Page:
Moonwishes Sewing and Crafts

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Wednesday, February 23, 2011

The Dressmaker of Khair Khana by Gayle Tzemach Lemmon

This is a book review that I read and reviewed in my reading blog, Moonwishes Reads about a book that I thought other sewers might appreciate if only to appreciate what many of us have in our sewing rooms.

As a seamstress and a reader, I was impressed by this book. Even though there might have been technical flaws with the timeline of the book, the story itself was astonishing. In our world today, most of us who sew have sewing machines, if not more than one. We also may have embroidery machines, all sorts of notions and gadgets, access to all sorts of fabric and the freedom to use them any way we like. Here is a story of women risking their lives to sew to provide needed financial help to their family. This book will make you appreciate your freedom to sew. This review is from my Amazon Vine book review.
The Dressmaker of Khair Khana: Five Sisters, One Remarkable Family, and the Woman Who Risked Everything to Keep Them Safe
by Gayle Tzemach Lemmon

As a seamstress I was fascinated by this book. When their world has gone mad and life as they know it had changed, the women of Afghanistan found themselves in a peculiar situation. They could not leave their homes without a male escort, they could not work out, they had a new dress code that was so old fashioned many of the women had to borrow clothes to leave their home as they didn’t have the proper dress to satisfy the Taliban. As many of them found that they were widows with children to support they were left in a quandary. How do they support their families, feed their children and keep a roof over their heads and still follow the rules? If they didn’t follow the rules they could be beaten, tortured and killed. For women who were used to going to school (now no longer allowed), holding down jobs, and being able to shop and visit at will, not only were they in financial straights but bored beyond belief. They were essentially under house arrest.

For one family of many daughters, Kamela Sediqi found a way to be productive, earn an income and involve not only her many sisters but other women and girls from her area. She became a seamstress. With one sewing lessons from her married sister that was a tailor, she set up shop and made her first garment. Escorted by her younger brother, she went to the market, avoiding the Taliban soldiers, and took orders for the dresses she and her sisters would make. As someone who has sewed for 40+ years, she did something I would never even think of attempting. But she got orders and took them home and carefully she and her sisters cut the cloth and hand sewed and embroidered the garments. Her business grew, all being secretly done in her home, to the point she was able to hire other women and girls to help her and thus also help with their financial difficulties.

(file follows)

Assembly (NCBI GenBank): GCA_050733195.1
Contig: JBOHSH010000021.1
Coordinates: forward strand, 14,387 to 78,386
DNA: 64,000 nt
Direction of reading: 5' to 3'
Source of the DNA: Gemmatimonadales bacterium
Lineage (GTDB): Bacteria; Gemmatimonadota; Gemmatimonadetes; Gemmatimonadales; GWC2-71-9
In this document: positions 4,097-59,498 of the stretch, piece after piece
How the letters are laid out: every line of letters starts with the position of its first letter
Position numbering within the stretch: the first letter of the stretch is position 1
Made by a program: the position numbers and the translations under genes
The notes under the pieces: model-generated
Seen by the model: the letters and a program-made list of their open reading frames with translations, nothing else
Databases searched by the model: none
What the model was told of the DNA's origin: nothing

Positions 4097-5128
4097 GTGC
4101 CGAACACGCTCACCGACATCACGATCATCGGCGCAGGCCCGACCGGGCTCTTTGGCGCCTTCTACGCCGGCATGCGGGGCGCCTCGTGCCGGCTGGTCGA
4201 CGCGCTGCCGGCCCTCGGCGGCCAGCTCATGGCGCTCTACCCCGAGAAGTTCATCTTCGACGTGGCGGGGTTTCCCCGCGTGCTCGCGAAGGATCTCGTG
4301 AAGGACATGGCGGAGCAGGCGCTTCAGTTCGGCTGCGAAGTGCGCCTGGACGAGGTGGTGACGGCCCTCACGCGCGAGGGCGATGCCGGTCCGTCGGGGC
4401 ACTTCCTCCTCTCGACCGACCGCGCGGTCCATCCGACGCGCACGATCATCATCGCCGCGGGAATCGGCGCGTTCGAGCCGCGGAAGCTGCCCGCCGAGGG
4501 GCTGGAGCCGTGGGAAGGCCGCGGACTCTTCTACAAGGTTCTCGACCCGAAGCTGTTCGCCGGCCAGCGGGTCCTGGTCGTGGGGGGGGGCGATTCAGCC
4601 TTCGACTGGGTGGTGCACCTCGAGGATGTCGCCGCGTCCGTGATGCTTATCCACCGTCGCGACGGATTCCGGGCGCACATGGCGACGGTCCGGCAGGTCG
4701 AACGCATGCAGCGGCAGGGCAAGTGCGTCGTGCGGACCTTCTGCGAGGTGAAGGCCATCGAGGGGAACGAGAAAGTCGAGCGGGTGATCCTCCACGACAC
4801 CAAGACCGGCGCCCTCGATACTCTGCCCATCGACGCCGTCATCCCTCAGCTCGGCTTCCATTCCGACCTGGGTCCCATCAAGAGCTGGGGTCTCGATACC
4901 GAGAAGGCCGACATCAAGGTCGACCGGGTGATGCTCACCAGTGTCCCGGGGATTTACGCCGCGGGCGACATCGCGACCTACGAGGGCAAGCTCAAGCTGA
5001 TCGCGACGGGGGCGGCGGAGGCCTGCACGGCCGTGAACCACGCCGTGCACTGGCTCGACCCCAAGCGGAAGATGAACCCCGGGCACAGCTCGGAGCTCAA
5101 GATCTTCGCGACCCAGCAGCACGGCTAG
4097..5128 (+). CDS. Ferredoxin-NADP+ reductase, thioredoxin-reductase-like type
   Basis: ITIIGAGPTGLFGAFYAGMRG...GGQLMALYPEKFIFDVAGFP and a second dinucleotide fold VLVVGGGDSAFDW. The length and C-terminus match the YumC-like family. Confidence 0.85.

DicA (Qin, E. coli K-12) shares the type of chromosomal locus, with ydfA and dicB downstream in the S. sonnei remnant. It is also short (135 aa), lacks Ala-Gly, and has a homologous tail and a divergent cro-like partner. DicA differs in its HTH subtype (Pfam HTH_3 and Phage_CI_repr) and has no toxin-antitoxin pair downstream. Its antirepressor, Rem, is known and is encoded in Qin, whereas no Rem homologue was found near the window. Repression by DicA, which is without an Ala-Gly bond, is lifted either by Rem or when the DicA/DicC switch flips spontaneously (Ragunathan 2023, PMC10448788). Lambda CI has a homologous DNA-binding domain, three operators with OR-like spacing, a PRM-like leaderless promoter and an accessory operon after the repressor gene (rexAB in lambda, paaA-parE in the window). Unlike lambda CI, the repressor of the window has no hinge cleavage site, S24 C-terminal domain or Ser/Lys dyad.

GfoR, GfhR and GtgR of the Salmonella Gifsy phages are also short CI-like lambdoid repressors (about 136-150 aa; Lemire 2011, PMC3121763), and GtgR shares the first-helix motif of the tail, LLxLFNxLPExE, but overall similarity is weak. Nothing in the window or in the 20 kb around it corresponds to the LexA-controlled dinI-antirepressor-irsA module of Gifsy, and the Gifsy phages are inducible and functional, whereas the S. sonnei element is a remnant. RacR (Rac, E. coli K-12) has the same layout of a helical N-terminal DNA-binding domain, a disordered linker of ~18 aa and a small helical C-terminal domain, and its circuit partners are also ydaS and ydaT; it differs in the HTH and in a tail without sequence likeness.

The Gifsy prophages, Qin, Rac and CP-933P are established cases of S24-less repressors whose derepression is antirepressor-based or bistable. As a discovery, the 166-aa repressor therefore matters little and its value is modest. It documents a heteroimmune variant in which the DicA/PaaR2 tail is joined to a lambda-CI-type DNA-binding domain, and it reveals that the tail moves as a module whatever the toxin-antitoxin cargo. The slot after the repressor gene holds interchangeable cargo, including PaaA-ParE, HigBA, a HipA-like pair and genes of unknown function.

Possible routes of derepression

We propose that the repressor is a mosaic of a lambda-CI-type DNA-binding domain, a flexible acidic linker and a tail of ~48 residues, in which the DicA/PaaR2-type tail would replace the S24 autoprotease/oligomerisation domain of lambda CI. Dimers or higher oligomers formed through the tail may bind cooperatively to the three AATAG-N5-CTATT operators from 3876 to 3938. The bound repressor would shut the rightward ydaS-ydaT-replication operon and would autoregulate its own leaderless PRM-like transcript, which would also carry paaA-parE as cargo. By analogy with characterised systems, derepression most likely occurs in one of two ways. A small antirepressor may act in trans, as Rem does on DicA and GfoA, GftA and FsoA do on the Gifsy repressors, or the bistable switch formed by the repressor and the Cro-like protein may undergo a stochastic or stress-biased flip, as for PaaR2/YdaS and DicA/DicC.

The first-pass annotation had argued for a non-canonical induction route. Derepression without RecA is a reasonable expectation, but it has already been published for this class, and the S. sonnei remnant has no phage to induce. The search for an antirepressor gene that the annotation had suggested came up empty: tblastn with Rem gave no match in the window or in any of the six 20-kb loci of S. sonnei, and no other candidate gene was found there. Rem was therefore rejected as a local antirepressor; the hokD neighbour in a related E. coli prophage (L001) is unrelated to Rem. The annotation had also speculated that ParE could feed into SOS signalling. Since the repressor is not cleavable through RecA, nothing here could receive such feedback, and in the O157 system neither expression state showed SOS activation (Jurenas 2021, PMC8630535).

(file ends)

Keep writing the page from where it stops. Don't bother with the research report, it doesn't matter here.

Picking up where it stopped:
Sewing by lamplight and eventually with sewing machines during the times of infrequent electric power, Kamela and sisters and friends, beat their boredom, supported their families and showed that even when the chips were down, they could succeed against all odds,

I very much enjoyed this book although there were some areas that were confusing, especially the timeline. I was reading the advanced reading copy so I hope someone caught the discrepancies before actual publication. Other than that, it was a very inspirational true story that I enjoyed very much.

Check out this book now:

Saturday, February 19, 2011

Project Linus Quilt 2011

This year I made my Project Linus quilt using my 2" x 4" bits and pieces of bright primary color print scraps. I think any small child should be happy with all the bright colors and things to look at. It is backed with a yard sale find of what looks like bright jelly beans on a black background. I got about 4 yards of this fabric for I think it was $2 last summer and knew it would be great for backing Project Linus quilts. I try to make a quilt each year to donate. I have been so richly blessed with sewing supplies that I want to pass the blessings on and to who better but a child going through a serious illness or trauma. I trust the parents of the child will also be blessed that someone cared for their child and prepared a quilt for them long before the need arose.

This quilt was pieced on a Janome Memory Craft 9000 and was quilted with decorative stitches on the seam lines with a Janome Horizon 7700.

It is amazing how cheaply you can make a nice quilt for a project like this, just using scraps that you color coordinate. Scrap quilts, if you are careful, can look as well planned as a quilt that you have bought fabrics for. For 2012 I'm hoping to use some of my pastel scraps to make a more 'girly' quilt. With my son's wedding quilt I'll be using mostly primary colors and know I will need a rest from them when that quilt is finished.

Spray Basting a Quilt

I finished my Project Linus quilt two days ago. I don't have the photo downloaded yet, but one of the echniques I used was spray basting it and it turned out great. Here is a terrific video on both spray basting
and using your wall to spray baste on! I can hardly wait to show hubby this technique! In the meantime, I'm sharing it with you.